LGBTQ+ Student Services Celebrates National Coming Out Day

While LGBTQ+ services have been present in past years, this year is shaping up to be one of the most involved the department has been. We’re only two and a half months into the new school year and already we have seen an increase of activities, especially over the past two weeks.

According to Calvin Ryan (‘22), one of the students who has helped transform the department, “Before I got involved, it wasn’t super active. There weren’t many events going on, nobody knew we had a rainbow room or that we had an LGBTQ+ student services. It was really dormant and we didn’t really do a lot.” Apart from coming out day, not very much happened during the rest of the year. It was Ryan’s goal, along with Coordinator for Diversity and Civic Engagement as well as LGBTQ+ Services’ Annesha Edwards-Carter to make sure that there were more opportunities for members of the community and allies to show their support and participate in fun activities.

This year, there are many activities for students who are a part of the LGBTQ+ community and allies alike to get involved. One of these activities was Coming Out Day, which took place on October 11 from 3-4 p.m.. A table was set up on the campus center patio where students could come and sign a banner with an assortment of colored sharpies, and write things such as “You are valid,” and “You are awesome just the way you are!” on it. The banner now hangs outside the mail room hallway in the campus center. Students could also collect stickers that showed rainbow flags and enthusiastic sayings showcasing pride and support. In addition to the banner and stickers, students could make buttons showing pride for their gender identity or sexuality. Zee Malamud, ’22, who attended Coming Out Day, said: “It was extremely heartwarming to see so many people coming to show their support for the community.”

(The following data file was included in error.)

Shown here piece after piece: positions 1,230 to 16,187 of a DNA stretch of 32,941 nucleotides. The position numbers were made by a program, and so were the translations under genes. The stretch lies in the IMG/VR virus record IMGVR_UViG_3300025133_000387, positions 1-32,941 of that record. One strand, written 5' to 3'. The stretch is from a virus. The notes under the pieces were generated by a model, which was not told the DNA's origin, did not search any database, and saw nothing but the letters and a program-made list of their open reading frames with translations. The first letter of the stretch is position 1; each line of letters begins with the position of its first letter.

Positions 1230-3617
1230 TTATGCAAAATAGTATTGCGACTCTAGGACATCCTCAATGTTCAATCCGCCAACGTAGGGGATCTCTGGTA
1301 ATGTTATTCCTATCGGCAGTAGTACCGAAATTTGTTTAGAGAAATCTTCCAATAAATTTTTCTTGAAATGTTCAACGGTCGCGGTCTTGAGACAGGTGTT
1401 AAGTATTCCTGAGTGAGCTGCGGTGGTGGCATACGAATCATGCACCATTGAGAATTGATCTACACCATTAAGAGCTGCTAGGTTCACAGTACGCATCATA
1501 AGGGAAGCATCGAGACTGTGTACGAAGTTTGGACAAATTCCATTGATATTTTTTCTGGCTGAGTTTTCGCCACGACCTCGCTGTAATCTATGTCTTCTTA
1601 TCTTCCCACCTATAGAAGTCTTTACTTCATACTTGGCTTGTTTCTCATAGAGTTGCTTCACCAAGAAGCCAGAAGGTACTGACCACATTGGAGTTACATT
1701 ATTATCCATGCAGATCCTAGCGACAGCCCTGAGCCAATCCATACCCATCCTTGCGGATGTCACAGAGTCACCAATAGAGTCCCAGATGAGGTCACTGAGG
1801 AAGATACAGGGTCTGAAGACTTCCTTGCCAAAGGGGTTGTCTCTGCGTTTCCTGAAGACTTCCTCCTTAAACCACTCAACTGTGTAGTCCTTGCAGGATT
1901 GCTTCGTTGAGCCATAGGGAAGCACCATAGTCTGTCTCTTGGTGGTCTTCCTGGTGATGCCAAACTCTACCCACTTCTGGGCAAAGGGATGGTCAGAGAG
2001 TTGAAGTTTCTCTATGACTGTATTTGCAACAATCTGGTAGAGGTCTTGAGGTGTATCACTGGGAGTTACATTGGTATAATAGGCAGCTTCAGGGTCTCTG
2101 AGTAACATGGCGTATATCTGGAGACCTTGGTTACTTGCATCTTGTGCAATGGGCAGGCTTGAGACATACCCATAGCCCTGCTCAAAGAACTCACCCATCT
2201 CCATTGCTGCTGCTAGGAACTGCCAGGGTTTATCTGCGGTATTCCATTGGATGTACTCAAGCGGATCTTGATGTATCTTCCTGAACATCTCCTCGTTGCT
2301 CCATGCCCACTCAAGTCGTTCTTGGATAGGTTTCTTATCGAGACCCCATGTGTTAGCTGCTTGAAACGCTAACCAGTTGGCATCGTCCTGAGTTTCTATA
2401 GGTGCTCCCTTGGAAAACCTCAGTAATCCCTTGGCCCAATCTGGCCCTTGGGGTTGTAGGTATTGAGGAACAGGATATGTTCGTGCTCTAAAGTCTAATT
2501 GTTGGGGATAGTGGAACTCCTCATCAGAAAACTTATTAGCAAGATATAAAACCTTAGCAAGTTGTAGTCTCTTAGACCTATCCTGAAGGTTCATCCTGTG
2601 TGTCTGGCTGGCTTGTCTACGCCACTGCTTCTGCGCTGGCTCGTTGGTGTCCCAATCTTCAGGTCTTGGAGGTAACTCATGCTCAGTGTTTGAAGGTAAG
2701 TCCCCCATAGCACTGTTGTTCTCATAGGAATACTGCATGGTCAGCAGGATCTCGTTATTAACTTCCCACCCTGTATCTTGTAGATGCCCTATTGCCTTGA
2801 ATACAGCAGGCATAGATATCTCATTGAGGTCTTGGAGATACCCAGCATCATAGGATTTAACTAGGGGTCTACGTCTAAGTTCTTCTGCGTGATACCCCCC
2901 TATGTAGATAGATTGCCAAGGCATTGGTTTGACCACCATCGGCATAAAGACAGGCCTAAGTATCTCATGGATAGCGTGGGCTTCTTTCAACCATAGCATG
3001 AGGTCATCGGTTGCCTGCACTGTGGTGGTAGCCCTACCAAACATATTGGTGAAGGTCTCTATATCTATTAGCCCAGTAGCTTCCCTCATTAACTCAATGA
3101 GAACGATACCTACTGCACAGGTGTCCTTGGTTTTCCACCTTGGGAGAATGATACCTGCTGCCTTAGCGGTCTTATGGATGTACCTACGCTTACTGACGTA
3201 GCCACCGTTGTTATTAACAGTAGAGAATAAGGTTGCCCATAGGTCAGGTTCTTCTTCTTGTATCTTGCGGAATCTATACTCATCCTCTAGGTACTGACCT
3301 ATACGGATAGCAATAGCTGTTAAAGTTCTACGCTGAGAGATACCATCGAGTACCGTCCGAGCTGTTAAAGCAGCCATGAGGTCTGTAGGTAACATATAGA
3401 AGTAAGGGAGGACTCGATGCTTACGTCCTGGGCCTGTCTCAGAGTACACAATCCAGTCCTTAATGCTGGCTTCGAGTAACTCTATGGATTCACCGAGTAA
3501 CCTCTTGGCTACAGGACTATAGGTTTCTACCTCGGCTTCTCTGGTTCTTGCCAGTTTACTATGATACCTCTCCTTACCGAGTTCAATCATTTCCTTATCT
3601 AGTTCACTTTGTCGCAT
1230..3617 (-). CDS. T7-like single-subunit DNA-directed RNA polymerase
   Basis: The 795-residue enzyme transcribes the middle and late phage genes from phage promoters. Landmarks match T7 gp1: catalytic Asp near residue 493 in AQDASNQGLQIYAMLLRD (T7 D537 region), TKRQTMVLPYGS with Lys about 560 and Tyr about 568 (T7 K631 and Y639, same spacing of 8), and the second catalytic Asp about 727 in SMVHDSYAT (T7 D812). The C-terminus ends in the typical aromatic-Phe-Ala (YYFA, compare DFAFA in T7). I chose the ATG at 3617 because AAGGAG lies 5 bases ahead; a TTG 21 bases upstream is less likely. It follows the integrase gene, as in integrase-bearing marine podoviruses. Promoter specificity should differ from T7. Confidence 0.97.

One of the goals that the LGBTQ+ services department is to raise awareness about the struggles that members of the LGBTQ+ community have faced in past years and still face today. One of the main influencers in this goal, and part of the reason why the LGBTQ+ community has gained so much support is The Trevor Project, a nonprofit organization dedicated to giving support to people in the LGBTQ+ community and offering help and resources to the members of this community who are considering suicide. 

The project was named after a short film the organization called “Trevor” about a 13 year old boy who is gay and has to face bullies at school and even attempts to kill himself. After Coming Out Day, students were invited to watch the film. Even though the events and characters were fictional, the trials Trevor had to face and the message of the film is one that all LGBTQ+ youth can identify with. 

Edwards-Carter said about the film and discussion that followed: “The Trevor Project film was also really great because though this was filmed in 1998 it is still relevant in 2019. So, many people of the LGBTQ+ community have felt ostracized, alone and not supported.” Ryan, the fellow of the Rainbow Room gave some stats on the LGBTQ+ community and mental health. Laurie Scherer from the wellness center also led a dialogue about recognizing those who may be exhibiting signs or thoughts about suicide.

In addition to support, activism and discussion are other crucial parts of the life of a member of the LGBTQ+ community. As young people, the department of LGBTQ+ services felt it only necessary to hold a conversational luncheon to discuss the events and actions of the Trump administration. According to Ryan, “There were videos shown to highlight the promises Trump made during his campaign back in 2015, promises like making workplace discrimination less common for gay and trans and bisexual people and then we discussed what we thought of that and what was said versus what’s happened.” 

With all the uncertainty about the future for LGBTQ+ people due to the homophobic and transphobic attitudes of the current administration, a discussion of thoughts and feelings surrounding these attitudes was an important activity for people who belong to the communities marginalized by Trump and his administration. Edwards-Carter felt that “one of the main take-aways from the Queer Lunch Dialogue was that we all have agency. Sometimes, as an individual you can feel that you can’t make a difference but even just one person can help make a change.” 

There are plans for all different kinds of activities within LBGTQ+ services, including Trans Day of Remembrance and game nights in the Rainbow Room. Ryan and Edwards hope to keep the department going so that all students who are a part of the community know that they are accepted and supported. 

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